Want a fuel-sipping, tree-hugging sedan with stunning good looks? Ford thinks they have the answer in the 2013 Ford Fusion Hybrid. Can jamming a gasoline/electric drivetrain behind Ford’s sexy grille continue the love affair the press has had with Ford’s world-car? More importantly, can this Ford hybrid live up to its EPA numbers? Let’s find out.
Ever since the ill-fated Contour experiment, Ford has maintained a strict separation in its global midsized offerings: Fusion for the Americas and Mondeo for Europe (let’s ignore, for the moment, Australia’s Falcon as the doomed atavism it is). But under the global “One Ford” strategy, a fusion (ahem) of The Blue Oval’s midsized offerings was inevitable, and Ford has signaled for some time that the Fusion and Mondeo are on the verge of becoming one. And here, courtesy of the autoforum.cz, is the first leaked image of Ford’s unified, world-wide midsized contender: though the Fusion and Mondeo names will continue to be used in their respective markets, this car will carry both badges. But are we looking at a revolution in the oft-troubled “world car” game, or a repeat of the Contour’s compromises? Only time will tell…
This mule of Ford’s new global midsized car may be well-camouflaged, but it’s not hard to imagine something not unlike the new EVOS concept lurking underneath all that bulk. Think narrow, slit-like headights, a version of the Hyundai-esque hexagonal grille that we’ve seen on the updated Taurus SHO, a high beltline and a fastback-ish C-pillar, and you’re probably getting close. Which leaves the final mystery: what in the foxtrot will those alloys look like? Try not to lose too much sleep over that one…
TTAC commentator sastexan writes:
You proved yourself smart by changing over to the older rod shift transmission linkage on your Cougar SVT. My shift cables are broken again – although this time probably due to the 1st mechanic’s ineptitude and unwillingness to finish the job he started and align it correctly. The end that attaches to the shifter is worn out so the shifter keeps popping off the cable end – which was interesting to reconnect while I was driving in stop and go traffic on the (in)famous Washington Beltway. Unfortunately, the plastic insert on the Contour cables is not replaceable – the only way to fix it is to replace the entire cable set – which is a giant PITA. Oh well.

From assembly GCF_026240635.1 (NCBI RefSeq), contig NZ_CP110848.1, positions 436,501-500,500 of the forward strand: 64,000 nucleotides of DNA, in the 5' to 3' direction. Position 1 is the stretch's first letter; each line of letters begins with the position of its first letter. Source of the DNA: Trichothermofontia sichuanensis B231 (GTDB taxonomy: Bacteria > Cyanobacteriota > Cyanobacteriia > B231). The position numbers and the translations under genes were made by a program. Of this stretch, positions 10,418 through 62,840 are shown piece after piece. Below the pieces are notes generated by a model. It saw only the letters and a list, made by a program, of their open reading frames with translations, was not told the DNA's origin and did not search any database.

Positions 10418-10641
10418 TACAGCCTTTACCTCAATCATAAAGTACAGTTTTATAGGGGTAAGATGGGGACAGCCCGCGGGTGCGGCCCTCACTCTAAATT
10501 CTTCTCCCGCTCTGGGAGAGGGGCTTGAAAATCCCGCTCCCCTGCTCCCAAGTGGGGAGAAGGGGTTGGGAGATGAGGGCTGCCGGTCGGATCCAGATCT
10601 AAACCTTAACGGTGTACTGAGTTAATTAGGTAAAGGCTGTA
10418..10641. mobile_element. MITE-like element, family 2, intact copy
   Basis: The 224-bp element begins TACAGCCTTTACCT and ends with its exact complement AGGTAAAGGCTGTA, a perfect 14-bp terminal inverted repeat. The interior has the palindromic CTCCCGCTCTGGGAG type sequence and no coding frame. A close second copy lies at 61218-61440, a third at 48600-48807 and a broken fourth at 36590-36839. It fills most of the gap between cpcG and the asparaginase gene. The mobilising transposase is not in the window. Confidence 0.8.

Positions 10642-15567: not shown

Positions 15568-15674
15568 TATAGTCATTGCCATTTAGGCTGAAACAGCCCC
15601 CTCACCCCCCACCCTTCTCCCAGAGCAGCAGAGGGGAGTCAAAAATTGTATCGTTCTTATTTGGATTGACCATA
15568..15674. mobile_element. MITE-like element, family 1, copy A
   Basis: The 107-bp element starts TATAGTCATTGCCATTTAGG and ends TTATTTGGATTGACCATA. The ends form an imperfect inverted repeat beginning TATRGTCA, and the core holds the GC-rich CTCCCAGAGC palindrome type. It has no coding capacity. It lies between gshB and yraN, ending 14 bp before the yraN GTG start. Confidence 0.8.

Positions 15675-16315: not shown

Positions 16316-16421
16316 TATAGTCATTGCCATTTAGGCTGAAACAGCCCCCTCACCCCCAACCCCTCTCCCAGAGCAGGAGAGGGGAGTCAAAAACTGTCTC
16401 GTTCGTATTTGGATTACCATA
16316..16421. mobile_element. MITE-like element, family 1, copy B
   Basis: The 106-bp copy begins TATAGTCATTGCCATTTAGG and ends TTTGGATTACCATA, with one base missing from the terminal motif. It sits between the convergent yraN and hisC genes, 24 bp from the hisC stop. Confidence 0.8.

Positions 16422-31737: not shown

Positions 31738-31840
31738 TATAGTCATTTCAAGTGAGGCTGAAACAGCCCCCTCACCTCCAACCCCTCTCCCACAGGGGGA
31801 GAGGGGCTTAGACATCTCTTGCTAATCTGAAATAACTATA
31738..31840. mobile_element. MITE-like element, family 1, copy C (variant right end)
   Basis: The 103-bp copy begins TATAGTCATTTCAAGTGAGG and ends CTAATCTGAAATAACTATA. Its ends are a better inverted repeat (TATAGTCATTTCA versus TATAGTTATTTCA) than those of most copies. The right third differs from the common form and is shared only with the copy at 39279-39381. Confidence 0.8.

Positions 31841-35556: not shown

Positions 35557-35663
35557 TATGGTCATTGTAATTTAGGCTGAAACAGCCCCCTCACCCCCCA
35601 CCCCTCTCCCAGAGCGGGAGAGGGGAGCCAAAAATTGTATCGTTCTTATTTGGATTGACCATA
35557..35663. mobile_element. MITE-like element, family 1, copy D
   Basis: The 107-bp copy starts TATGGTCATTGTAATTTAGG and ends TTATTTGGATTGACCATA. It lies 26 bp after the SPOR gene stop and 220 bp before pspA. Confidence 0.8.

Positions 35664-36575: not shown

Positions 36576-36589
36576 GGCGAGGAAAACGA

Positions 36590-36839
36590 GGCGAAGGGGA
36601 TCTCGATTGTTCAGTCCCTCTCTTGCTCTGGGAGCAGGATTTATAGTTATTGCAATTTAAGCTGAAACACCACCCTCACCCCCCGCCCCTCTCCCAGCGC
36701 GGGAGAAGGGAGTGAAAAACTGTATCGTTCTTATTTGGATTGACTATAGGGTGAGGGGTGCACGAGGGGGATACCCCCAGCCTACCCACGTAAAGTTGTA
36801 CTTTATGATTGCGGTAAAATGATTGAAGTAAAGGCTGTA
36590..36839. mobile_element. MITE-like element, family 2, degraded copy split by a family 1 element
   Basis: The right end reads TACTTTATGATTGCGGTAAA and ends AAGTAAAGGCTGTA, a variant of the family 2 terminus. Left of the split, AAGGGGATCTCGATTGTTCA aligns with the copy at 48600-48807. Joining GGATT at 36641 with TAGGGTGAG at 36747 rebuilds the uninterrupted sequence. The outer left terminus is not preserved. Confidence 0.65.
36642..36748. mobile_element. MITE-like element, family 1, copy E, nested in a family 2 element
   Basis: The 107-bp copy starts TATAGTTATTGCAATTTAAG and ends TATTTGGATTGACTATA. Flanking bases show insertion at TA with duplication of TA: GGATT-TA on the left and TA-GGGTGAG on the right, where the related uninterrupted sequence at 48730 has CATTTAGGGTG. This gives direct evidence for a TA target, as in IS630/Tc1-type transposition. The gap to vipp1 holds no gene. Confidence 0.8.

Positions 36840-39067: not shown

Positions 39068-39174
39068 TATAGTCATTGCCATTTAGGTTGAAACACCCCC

I also talked to Terry Haines, the transmission guy – if you haven’t heard of him before, he’s a former Ford engineer who has his own shop now, mostly working on MTX75 transmissions. He rebuilt my transmission at 100k, upgraded the shift forks, put in a quaife, replaced two syncros that were going bad. He walked me through the procedure to replace the shift cables (more than I can handle) and we also discussed why the Duratec V6s are puking rods – he unequivocally believes that it is due to the powdered metal connecting rods Ford started using around ’97 – he said that some spec must have changed because earlier Duratec have no con rod issues. In his teardown of motors, he said all the ones that have thrown rods had nothing to do with oil starvation – it all had to do with the con rods stretching out of spec and causing spun bearings then snapping the con rods. He also said SVT engines are more susceptible, due to higher compression and typically harder lives. And he said that the 3L upgrades everyone is doing has the same con rods and is just as at risk – Ford just ignored the problem in the Duratec.
Since you have plans for your Cougar, thought you would be interested in this line of thinking.
Sajeev answers: (Read More…)
You can spell favorite both ways – the American way, with a single ‘o’ – and the British way, with a ‘u’ following suit. The Ford Fusion and Ford Mondeo are not unlike this fascinating grammatical phenomenon: they both come from the same manufacturer, and they both answer the equally strong demand for misize cars on both sides of the ocean – but they both differ in execution. Right?